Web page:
RECIPE: Twice baked potatoes.
DIARY: Comfort food for a cold winter’s day in Montreal, or any day, anywhere, for that matter.
In the depths of one of the coldest winters on record, I’m in Montreal on a freelance assignment, when a colleague invites me to share dinner out. Seeking the ultimate in comfort food, I suggest Gibbys, that legendary steakhouse in the old port area. He’s never been, much to my surprise, so I warn him he’s in for a feast.
We decide to meet there. In a rental car without a GPS, I have difficulty finding Place d’Youville, so after getting close a couple of times I phone the restaurant for better directions. Turns out I’m less than 100 yards from them, but the wrong way down a one way street. So I park in lot run by a larcenous attendant and walk back. By this time I’m frozen and ready for meat.
Truly, on many visits over the past 30 or more years, I`ve never been disappointed with a visit to this charming old-fashioned steak emporium, housed in an ancient convent building. I warn my companion not to have an appetiser, as the portions are huge, but we both tuck into the giant dill pickles that are offered. My petit filet mignon and twice baked potato portion is so big I can’t even finish my plate, though my younger colleague manages to inhale his huge and perfectly rare steak.
These are perhaps the best steaks we’ve ever had. The potato reaches 9 on the comfort food scale. The service by the charming waitress in ye olde peasant dress was attentive and friendly. As we sat in a window on this freezing February night we were glad of a roaring fire nearby.
Now that we’re back from further travels in the sun and winter is still hanging on, thoughts of making twice baked potatoes get my taste buds tingling. The very first time I had them was from a well-known James Beard recipe, but that cookbook has disappeared in the mists of culinary time, so I have to resort to searching the Internet. I don’t find my original recipe, but I do find a recipe for the late Mr. Beard’s overbaked potatoes. I recall these as being wonderful, for as the potatoes enter their second hour at high temperature, the skins become extra crispy and the flesh takes on quite a different taste.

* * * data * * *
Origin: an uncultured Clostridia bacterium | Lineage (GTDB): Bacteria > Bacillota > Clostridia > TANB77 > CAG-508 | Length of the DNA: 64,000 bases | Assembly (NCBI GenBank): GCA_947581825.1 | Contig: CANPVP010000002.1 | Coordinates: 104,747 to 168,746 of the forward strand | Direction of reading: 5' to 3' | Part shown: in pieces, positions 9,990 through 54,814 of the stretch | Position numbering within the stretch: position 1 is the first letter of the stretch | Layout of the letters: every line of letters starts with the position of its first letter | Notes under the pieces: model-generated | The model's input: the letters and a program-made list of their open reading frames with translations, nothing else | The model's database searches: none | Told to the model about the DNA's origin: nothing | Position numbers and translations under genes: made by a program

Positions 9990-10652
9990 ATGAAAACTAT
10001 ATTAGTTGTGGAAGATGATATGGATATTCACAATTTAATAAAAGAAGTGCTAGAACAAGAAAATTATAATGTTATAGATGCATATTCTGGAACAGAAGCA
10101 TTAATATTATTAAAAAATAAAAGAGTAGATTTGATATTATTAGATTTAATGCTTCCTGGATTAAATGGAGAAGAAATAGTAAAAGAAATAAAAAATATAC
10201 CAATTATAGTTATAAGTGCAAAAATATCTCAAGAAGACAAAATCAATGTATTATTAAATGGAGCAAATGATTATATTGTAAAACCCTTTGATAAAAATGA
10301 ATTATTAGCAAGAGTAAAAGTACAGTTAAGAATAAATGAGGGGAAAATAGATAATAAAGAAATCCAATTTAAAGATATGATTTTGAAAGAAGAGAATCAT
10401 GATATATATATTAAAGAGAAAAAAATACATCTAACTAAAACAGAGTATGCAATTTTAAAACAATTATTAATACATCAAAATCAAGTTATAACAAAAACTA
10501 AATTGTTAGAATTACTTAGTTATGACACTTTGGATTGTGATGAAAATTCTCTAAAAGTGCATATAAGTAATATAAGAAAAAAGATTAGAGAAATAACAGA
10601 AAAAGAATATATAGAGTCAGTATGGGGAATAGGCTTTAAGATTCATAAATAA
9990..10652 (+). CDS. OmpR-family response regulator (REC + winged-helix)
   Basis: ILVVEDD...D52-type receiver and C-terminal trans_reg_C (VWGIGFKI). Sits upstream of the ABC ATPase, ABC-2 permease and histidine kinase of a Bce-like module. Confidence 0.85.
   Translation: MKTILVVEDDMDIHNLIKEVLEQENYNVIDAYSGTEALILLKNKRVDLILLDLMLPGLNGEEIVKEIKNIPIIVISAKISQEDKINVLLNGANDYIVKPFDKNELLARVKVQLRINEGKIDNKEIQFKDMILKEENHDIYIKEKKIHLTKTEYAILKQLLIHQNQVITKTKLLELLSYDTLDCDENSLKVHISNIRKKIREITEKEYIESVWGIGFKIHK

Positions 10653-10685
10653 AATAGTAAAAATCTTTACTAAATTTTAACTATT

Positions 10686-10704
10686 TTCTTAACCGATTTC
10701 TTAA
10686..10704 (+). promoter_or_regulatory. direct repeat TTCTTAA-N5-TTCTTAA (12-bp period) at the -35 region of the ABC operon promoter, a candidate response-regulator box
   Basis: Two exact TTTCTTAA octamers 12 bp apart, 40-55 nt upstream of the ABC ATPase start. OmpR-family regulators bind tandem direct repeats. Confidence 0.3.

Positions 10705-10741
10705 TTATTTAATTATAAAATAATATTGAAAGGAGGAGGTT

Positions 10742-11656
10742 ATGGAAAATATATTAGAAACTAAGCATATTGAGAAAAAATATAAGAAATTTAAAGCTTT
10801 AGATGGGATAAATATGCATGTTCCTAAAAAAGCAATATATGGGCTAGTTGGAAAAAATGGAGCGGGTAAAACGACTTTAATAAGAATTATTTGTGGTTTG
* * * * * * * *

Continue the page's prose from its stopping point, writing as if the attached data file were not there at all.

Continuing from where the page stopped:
I try to remember the traditional ingredients of the dish and with a bit of experimentation manage to get the proportions to what I consider damn close to perfect. That evening my guests proclaim them outstanding, when served with some rib eye steaks from Brown Bros. at the St. Lawrence Market.
If you find the overbaking process makes the spuds too crispy, then I’ve supplied a more ordinary version as an alternative. Whatever you do, do NOT bake them in a wrapping of foil, a nasty North American habit that guarantees a soggy result.
POTATOES, TWICE BAKED
by Nigel Napier-Andrews
(Prep time 15 mins; Step 1 cooking time 2 hrs; Step 2 cooking time 15 mins.)
- 4 large baking potatoes (Idaho)
- 8 slices of bacon
- 1 cup/250ml carton sour cream
- 1/2 cup milk
- 4 tbsp/1/4 cup butter
- 1/2 tsp salt
- 1/2 tsp ground black pepper
- 1 cup strong orange Cheddar cheese, shredded and divided into two
- 8 green onions, washed, sliced and divided into two
- Heat the oven to 450°F/230°C (very hot).
- Wash the potatoes thoroughly, scrubbing if necessary to remove any last vestiges of dirt, and coat with cooking oil. Rub the oil in well with your hands and then pierce each potato several times with the tines of a fork. Place on a baking sheet.
- Put the potatoes on the centre rack of the oven and bake for 2 hrs. Remove and allow to cool.
- Once the potatoes are cool enough to handle, cut them lengthwise (if they have an oval shape, make sure to cut them so the flattest part will sit on the baking sheet for the next step. The skins will be very crisp and thick and should not squeeze easily.
- Scoop the insides out into a bowl. Save the skins for the next step.
- Reduce the oven to 350°F/175°C. (NOTE: If, through experience, you find the above step produces potatoes too crispy for your taste, instead bake them for 1 hr only at this temperature. Then continue as above until you have the potatoes scooped into a bowl.)
- While the potatoes are baking, cut the bacon strips in half and fry until well browned. Dry off the fat on a paper towel, crumble the bacon and set aside.
- To the potato flesh in the bowl add: sour cream, milk, butter, salt, pepper, half the cheese and half the green onions. Mash together by hand until well blended.
- Spoon the mixture back into the baked skins. Top with the remaining cheese, green onions and bacon.
- Bake for another 15 mins.
- Serve half a potato to each guest.
Categories: Market to Table